Q255  Lord Tomlinson: But in the way that you seem to be suggesting that you are nuancing the Quartet principles, do you think that is in any way increasing the likelihood that the Temporary International Mechanism will no longer be needed as the main mechanism for aid to the Palestinians?

  Mr Cooper: The most desirable state would be to have a Palestinian Authority that functioned well, that we were doing business with on a normal basis and we could channel our aid through that, and that is where we would like to be. Perhaps the other thing that is worth saying is that the role that we may play in the weakness of the Palestinian administration is a very minor one. What creates the terrible conditions in the West Bank and Gaza are the roadblocks and the failure of the Israelis to hand over the money that they have collected in customs dues. Those are really the big things. We attempt to move those things forward from time to time without very much success, but those are the things that are creating the possibility of a failed state there, and I think that actually all people in the region, including Israel, who have an interest in order and peace in the region, ought to be alarmed at the prospect of chaos in the Territories.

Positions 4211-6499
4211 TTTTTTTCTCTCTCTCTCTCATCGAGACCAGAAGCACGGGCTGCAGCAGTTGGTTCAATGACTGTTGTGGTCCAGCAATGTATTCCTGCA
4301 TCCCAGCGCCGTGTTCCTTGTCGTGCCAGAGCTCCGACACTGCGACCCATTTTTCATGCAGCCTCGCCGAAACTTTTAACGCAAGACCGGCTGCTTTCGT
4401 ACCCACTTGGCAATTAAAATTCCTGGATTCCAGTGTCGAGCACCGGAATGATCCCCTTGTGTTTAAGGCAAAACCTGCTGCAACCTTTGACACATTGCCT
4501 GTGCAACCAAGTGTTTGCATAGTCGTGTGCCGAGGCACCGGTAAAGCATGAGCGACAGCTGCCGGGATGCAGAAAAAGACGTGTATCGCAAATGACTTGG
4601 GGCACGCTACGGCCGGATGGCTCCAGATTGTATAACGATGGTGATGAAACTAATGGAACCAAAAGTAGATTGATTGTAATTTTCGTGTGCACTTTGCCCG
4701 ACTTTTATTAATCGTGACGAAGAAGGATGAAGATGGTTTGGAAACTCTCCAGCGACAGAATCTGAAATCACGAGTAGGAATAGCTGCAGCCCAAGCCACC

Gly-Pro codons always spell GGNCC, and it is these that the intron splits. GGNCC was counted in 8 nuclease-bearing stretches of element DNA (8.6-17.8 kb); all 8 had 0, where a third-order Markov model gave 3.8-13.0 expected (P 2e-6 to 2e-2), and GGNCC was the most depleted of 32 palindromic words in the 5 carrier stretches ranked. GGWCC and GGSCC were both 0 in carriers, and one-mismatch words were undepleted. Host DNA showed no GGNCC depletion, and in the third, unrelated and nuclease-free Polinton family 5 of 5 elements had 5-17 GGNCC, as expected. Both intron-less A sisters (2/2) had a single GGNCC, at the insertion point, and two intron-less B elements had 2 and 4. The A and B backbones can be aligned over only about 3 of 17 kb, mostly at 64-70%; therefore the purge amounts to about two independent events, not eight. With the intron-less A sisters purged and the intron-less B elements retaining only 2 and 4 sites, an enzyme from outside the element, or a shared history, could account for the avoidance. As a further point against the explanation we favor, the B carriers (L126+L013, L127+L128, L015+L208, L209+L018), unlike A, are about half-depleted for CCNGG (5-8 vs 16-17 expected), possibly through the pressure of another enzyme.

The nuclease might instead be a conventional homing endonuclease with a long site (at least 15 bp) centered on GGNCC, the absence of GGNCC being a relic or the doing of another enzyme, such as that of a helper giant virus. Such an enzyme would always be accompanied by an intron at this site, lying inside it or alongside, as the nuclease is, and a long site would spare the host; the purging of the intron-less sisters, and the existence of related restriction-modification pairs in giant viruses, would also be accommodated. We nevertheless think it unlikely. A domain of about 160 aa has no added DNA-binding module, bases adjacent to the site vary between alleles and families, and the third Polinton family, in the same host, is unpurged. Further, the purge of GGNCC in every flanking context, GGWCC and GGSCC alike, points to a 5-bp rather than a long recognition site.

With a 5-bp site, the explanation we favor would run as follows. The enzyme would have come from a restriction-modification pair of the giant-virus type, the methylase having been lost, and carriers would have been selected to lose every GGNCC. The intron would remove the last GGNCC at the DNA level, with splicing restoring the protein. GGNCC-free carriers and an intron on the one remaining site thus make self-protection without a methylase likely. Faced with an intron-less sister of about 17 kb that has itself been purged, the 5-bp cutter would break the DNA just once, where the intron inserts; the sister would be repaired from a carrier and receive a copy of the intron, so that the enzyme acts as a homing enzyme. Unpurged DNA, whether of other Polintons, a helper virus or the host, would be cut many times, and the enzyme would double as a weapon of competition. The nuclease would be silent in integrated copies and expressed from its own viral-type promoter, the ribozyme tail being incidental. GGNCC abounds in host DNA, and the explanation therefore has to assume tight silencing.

Q256  Lord Crickhowell: Moving on to the fifth question I really want to take it in two parts and we are onto process again. Have up to this point any of the EU's policies or activities had the effect of increasing the divide, the factionalism and the rivalries in Palestine between Fatah and Hamas? Have we by our approach so far actually made things worse?